Talk, talk, talk ILLUSTRATION: Alisa Yang

Talk, talk, talk

TEDxPasadena offers new ideas for Technology, Entertainment and Design

By Ellen Snortland 10/06/2011

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“YouTubing, texting and tweeting … doesn’t anyone just talk anymore?” growl the disgruntled techno-phobes in my life (and probably yours, too). And now, TED Talks! But who the hell is TED, and why does he talk so much?
 
These are some of the plaintive cries of the fogies, young and old. I’ve pledged that I am now on “fogey” red alert and invite others to join me. Please raise your right hands: “I hereby pledge to stay open to new technology, even though it makes me feel stupid, crazy and uncomfortable. I refuse to join the bandwagon of Luddites and techno-scaredy cats!” OK, the pledge needs work, but I hope you catch my drift. Tech needs YOU.
 
As far as TED Talking? TED isn’t a guy; rather, TED is the great, great granddaughter of the old-fashioned physical lecture circuit that our ancestors attended to be introduced to new-fangled ideas like bicycles, a Swedish singer named Jenny Lind and votes for women.
 
TED is actually T.E.D., the acronym for Technology, Entertainment and Design. TED is a conference of ideas that has been going on since the mid-1980s. There’s an international conference every summer now held in Edinburgh, Scotland, as well as the primary US conference that takes place in Long Beach each spring.
 
Because of the Internet and what are called TED Talks, many of us have received links to these videos in our email. TED is now a phenomenon that is global, local and hyper-local. The hyper-local TED events are called TEDx, but more about that “x” later.
TED speakers are forward-thinkers in their fields. They are given 18 minutes, and that’s it. It doesn’t matter if the TED speaker is Stephen Hawking or a modest street vendor; if the TED organizers think you have an idea worth spreading, you have 18 minutes to give the talk of your life in front of a live audience, which then appears online. The TED Web site says, “TED is a nonprofit devoted to Ideas Worth Spreading.”
 
Their mission, spreading ideas, is so simple. Spreading ideas is what communication is all about regardless of the medium. Human beings are nothing if not idea incubators. TED Talks are on the same branch of cultural evolution as the tribal fire pit where our ancestors sat and talked about the new plant they found for purple dye, listened to a song or revealed the discovery of flint, a technological innovation for sparking fire.
 
Now TEDx is gracing Pasadena, although there was a TEDx conference earlier this year at CalTech. The “x” behind TED means the conference is locally produced, but has the same mission and format as the national and international versions.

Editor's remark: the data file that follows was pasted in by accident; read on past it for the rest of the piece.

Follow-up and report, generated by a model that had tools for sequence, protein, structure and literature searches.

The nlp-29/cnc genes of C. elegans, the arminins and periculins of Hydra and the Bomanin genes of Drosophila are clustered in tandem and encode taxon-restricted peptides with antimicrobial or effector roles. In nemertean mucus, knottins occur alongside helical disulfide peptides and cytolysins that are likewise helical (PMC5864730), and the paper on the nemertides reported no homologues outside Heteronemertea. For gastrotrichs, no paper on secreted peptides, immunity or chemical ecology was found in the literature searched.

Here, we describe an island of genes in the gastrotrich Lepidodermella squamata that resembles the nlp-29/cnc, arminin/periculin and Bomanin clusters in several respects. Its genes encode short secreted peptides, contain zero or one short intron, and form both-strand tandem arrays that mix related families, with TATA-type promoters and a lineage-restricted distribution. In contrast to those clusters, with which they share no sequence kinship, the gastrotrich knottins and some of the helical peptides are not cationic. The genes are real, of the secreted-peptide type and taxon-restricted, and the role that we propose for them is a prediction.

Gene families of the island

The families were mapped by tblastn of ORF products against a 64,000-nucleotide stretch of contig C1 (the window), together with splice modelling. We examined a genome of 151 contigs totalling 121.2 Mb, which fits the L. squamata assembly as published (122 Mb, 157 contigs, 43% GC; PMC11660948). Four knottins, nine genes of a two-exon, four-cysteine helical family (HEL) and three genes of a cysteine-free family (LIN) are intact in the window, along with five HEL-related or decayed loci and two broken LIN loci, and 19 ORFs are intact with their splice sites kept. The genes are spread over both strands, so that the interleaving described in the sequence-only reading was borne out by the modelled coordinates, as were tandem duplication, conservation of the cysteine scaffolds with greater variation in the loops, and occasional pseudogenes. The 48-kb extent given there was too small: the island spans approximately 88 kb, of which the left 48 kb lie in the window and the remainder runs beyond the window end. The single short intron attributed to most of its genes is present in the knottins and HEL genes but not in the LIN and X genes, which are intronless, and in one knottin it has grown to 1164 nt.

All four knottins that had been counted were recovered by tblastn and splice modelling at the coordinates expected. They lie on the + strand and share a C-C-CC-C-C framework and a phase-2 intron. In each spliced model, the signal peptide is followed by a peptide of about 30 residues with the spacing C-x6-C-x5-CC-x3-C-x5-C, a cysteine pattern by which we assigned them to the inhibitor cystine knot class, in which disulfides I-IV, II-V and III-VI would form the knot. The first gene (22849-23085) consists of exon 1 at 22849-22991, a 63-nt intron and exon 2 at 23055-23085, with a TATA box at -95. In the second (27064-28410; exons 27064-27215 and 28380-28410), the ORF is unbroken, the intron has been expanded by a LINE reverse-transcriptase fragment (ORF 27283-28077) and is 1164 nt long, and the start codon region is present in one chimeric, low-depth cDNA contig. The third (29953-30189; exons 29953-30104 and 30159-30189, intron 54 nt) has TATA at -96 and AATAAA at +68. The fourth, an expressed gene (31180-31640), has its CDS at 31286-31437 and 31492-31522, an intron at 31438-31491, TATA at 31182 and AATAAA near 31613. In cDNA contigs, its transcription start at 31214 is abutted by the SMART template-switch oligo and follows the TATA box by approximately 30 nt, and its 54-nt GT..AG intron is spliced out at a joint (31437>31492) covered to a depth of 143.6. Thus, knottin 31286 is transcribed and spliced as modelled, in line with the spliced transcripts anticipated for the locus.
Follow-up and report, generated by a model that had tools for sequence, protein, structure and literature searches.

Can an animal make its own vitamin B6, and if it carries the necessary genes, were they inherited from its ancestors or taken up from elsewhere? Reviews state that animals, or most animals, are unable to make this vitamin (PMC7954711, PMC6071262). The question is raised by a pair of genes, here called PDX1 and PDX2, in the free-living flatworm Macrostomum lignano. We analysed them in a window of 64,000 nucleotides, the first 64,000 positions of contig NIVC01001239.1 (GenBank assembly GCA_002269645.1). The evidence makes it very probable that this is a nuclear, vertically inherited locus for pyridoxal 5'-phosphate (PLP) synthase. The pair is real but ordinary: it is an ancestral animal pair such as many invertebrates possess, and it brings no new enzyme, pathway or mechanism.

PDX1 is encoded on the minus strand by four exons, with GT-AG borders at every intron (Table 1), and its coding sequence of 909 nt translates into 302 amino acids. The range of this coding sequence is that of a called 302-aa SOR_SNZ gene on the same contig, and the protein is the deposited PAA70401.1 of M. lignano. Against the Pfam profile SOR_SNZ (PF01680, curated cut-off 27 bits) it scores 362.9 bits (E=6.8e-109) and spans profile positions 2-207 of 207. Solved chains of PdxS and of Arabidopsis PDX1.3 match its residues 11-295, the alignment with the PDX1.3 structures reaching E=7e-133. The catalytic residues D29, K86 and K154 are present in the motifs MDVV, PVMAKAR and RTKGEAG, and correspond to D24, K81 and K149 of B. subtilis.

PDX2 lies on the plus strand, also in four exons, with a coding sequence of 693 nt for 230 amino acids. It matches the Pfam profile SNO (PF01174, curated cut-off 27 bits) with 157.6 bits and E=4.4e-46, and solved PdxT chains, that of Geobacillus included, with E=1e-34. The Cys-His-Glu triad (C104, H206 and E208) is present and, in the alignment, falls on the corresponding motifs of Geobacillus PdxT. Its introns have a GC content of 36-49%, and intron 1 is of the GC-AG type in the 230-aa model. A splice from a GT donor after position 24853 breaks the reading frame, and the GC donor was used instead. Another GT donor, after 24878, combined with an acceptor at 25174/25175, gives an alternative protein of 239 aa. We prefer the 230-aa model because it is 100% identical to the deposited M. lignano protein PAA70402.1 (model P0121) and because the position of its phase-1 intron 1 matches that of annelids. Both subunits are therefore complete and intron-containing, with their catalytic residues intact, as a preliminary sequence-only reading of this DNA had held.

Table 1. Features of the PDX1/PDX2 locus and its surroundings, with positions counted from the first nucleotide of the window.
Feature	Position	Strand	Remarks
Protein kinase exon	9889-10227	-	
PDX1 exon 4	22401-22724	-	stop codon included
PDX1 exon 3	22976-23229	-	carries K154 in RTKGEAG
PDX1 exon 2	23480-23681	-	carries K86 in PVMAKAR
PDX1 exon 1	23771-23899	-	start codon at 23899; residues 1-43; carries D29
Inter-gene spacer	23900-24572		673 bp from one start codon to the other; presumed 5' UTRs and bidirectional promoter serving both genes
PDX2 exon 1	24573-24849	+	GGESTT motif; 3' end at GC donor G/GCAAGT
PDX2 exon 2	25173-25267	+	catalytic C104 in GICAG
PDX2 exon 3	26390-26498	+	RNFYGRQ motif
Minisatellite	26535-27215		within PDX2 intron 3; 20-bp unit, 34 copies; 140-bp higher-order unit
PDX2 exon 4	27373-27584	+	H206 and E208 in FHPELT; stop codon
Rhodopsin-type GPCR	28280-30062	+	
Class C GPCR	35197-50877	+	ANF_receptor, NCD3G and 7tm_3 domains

Social and local entrepreneur Greg Apodaca has pulled together an intrepid committee of volunteers to produce TEDx Pasadena for Oct. 22. Rather than listing the details, committee, sponsors, speakers and topics individually, here’s the link which you can peruse. (tedxpasadena.com) Suffice to say, we have lots of ideas worth spreading and a day with us will be well worth the price of admission. (Yes, I’ll be a talker.)
 
Ideas need the eyes and ears, as well as years, of all generations to become most useful to society. What if a geezer’s view is exactly what that particular idea needs to fulfill its destiny? Ideas desperately need the female view as well. 
 
I just finished reading a book by science writer and journalist Jonnie Hughes called, “On the Origin of Teepees: The Evolution of Ideas (and Ourselves).” A must read, Hughes points out the differences in teepees on the Great Plains came about because women were the “carriers” of the teepee designs and would often be married into another tribe, thereby “evolving” teepee design. Ideas are contagious and evolve just as much as genes do. We need carriers! By attending TEDx, you become a carrier of ideas! Isn’t that cool?
 
If the national and international TED conferences have a flaw, it’s their gender bias for men. “TEDWomen” was held last year — a global event centered in Washington, DC. But I’m concerned that TEDWomen may become a gender “ghetto” where men aren’t exposed to the ideas that women are passionate about. I fervently believe men need to know what women are innovating and immerse themselves in the ideas that women themselves consider worth spreading. I’m proud to say that our TEDx Pasadena organizers have created a balanced speakers’ roster. And, if you come, I promise I won’t make you take the anti-fogey pledge. n

Ellen teaches a writing workshop in Altadena. snortland.com.

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